From personal data protection bill 2019 to data protection bill 2021

Non-personal data within its ambit, social media platforms as ‘publishers’— what else ‘data protection bill’ could look like

From personal data protection bill 2019 to data protection bill 2021-CIO&Leader

The joint parliamentary committee (JPC) has released a reworked version of the much awaited data protection bill 2019, now called the “Data Protection Act of 2021” (2021 Bill).

The bill was tabled in both the houses of parliament on December 16th, after the widest possible consultations has changed fundamentally, including the title of the bill from Personal Data Protection Bill to Data Protection Bill. Certain other deviations such as the recommendations that social media intermediaries could become publishers in certain circumstances and a few aspects of data localisation norms change the original structure of the bill substantially.

The proposal for the Bill came after the Supreme Court declared in 2017 privacy a fundamental right and directed the government to come up with the data protection regime.

IT industry’s apex body Nasscom and the Data Security Council of India (DSCI) on Thursday welcomed the revised data protection bill 2019, saying a robust data protection law is critical to safeguard the privacy of Indian citizens while driving India’s success in the digital economy.

“While the JPC has retained much of what was positive with the 2019 Bill, and accepted many more recommendations from the industry, certain areas will require further deliberation – particularly the expansion of the scope to cover non-personal data,” Nasscom President Debjani Ghosh said.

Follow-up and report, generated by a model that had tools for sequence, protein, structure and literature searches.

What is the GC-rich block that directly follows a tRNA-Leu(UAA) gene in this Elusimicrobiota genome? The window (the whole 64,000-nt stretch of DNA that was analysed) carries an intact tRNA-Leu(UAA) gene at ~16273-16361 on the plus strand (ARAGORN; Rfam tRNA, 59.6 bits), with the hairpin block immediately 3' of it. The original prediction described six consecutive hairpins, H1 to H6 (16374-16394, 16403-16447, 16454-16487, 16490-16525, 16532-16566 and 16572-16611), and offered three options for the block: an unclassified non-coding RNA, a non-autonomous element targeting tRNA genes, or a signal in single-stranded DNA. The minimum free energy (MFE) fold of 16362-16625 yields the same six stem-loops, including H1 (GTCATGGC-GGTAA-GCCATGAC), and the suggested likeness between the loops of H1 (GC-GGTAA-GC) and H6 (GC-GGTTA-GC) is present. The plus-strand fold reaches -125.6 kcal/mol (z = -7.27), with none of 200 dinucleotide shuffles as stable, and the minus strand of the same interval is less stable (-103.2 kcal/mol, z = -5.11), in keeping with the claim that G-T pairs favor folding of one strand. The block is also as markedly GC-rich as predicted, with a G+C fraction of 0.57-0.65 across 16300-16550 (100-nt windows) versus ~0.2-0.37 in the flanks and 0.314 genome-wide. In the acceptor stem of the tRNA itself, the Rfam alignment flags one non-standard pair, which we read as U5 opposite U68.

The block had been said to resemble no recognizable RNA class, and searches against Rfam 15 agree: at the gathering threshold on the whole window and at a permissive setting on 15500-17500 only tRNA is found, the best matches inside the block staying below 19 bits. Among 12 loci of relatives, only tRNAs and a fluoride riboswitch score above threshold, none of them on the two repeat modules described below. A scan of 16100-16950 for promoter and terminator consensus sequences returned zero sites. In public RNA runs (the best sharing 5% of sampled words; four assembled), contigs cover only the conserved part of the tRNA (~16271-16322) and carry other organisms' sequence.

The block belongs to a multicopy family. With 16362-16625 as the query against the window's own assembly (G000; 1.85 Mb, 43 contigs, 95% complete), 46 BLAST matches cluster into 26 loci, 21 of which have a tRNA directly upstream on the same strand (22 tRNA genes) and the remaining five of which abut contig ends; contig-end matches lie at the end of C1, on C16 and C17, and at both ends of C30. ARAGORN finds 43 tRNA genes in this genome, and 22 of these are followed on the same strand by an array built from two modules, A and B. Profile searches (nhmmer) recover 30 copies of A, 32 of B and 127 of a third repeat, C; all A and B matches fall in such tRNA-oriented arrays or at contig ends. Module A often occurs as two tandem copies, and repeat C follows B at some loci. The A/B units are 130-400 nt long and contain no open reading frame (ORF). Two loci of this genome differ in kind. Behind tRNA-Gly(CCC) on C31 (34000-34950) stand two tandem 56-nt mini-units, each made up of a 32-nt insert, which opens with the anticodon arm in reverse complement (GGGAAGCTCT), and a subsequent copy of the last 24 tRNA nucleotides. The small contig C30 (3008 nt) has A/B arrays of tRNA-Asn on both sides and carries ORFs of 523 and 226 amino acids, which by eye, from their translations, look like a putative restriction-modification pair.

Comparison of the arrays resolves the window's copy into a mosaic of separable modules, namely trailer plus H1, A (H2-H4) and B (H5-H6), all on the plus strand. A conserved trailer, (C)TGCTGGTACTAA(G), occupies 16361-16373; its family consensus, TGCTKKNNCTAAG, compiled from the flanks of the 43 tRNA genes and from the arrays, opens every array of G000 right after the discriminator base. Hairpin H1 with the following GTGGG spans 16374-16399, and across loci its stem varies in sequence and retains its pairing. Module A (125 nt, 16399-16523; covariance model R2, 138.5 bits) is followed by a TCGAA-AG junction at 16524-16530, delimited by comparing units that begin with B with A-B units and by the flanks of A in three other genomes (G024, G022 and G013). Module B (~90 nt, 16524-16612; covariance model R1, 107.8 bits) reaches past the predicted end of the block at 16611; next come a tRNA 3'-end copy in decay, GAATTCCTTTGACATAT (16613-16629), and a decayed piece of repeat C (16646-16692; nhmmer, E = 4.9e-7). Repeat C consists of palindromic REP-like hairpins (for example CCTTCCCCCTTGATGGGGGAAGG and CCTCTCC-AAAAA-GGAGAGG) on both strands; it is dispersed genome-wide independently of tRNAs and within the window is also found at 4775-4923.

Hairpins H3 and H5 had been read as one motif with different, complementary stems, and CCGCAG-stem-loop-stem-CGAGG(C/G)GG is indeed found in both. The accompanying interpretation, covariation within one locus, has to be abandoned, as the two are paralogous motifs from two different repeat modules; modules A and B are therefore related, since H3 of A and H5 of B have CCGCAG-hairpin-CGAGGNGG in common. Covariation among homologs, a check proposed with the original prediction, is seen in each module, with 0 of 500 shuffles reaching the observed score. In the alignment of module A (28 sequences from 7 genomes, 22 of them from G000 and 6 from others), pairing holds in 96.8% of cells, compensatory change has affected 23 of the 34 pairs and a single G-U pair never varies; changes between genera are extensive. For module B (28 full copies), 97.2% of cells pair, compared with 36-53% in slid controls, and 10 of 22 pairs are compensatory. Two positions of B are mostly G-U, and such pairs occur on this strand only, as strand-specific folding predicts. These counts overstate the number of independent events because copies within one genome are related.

NASSCOM-DSCI expects these to be widely debated and discussed so that India continues to enable cross-border data flows without undue restrictions, provide an effective ‘Safe Harbour’ regime for intermediaries and ensure a globally competitive market ecosystem for FinTech and the financial sector in general.

The proposal in the report to have the Bill apply to “non-personal data” and having a “single regulator” for both personal and non-personal data needs careful analysis and deeper debate, Nasscom said.

“This is required as the imperatives for a policy on non-personal data are to enable data driven innovation and unlock economic value. These imperatives arguably require a different regulatory approach than that needed for regulating personal data processing, where the focus is primarily on protecting privacy and preventing harms arising from the abuse of personal data,” it elaborated.

India’s Information Technology (IT) and Business Process Management (BPM) industry’s annual exports to over 100 countries stand at USD150 billion.

Further, The Internet and Mobile Association of India (IAMAI) also evaluated the bill and said that the requirement on DPA to consult the Central Government before issuing any approvals or decisions on cross-border data flows would create an incredibly slow and cumbersome process for decisions and would mitigate the autonomy and efficiency of a specialised body such as the DPA.

It also raised its concerns on imposing age restrictions of 18 years on certain services that will exclude an important demographic from the digital ecosystem and will contradict most data regimes that create enabling provisions for 13-18 years. In addition, recommendations may bring a much higher compliance burden on start-ups, and suggests that an expert group should be set up to study the impact of these recommendations on start-ups.

However, the body is confident that the government will continue the transparent and consultative ethos under which the earlier draft bill was developed and urge further deliberations on the report. Certain provisions in the report such as the new requirement for hardware/device testing need to be discussed with the industry as the outcomes of such a mechanism are not clear given that data fiduciary is already legally accountable for complying with the law.

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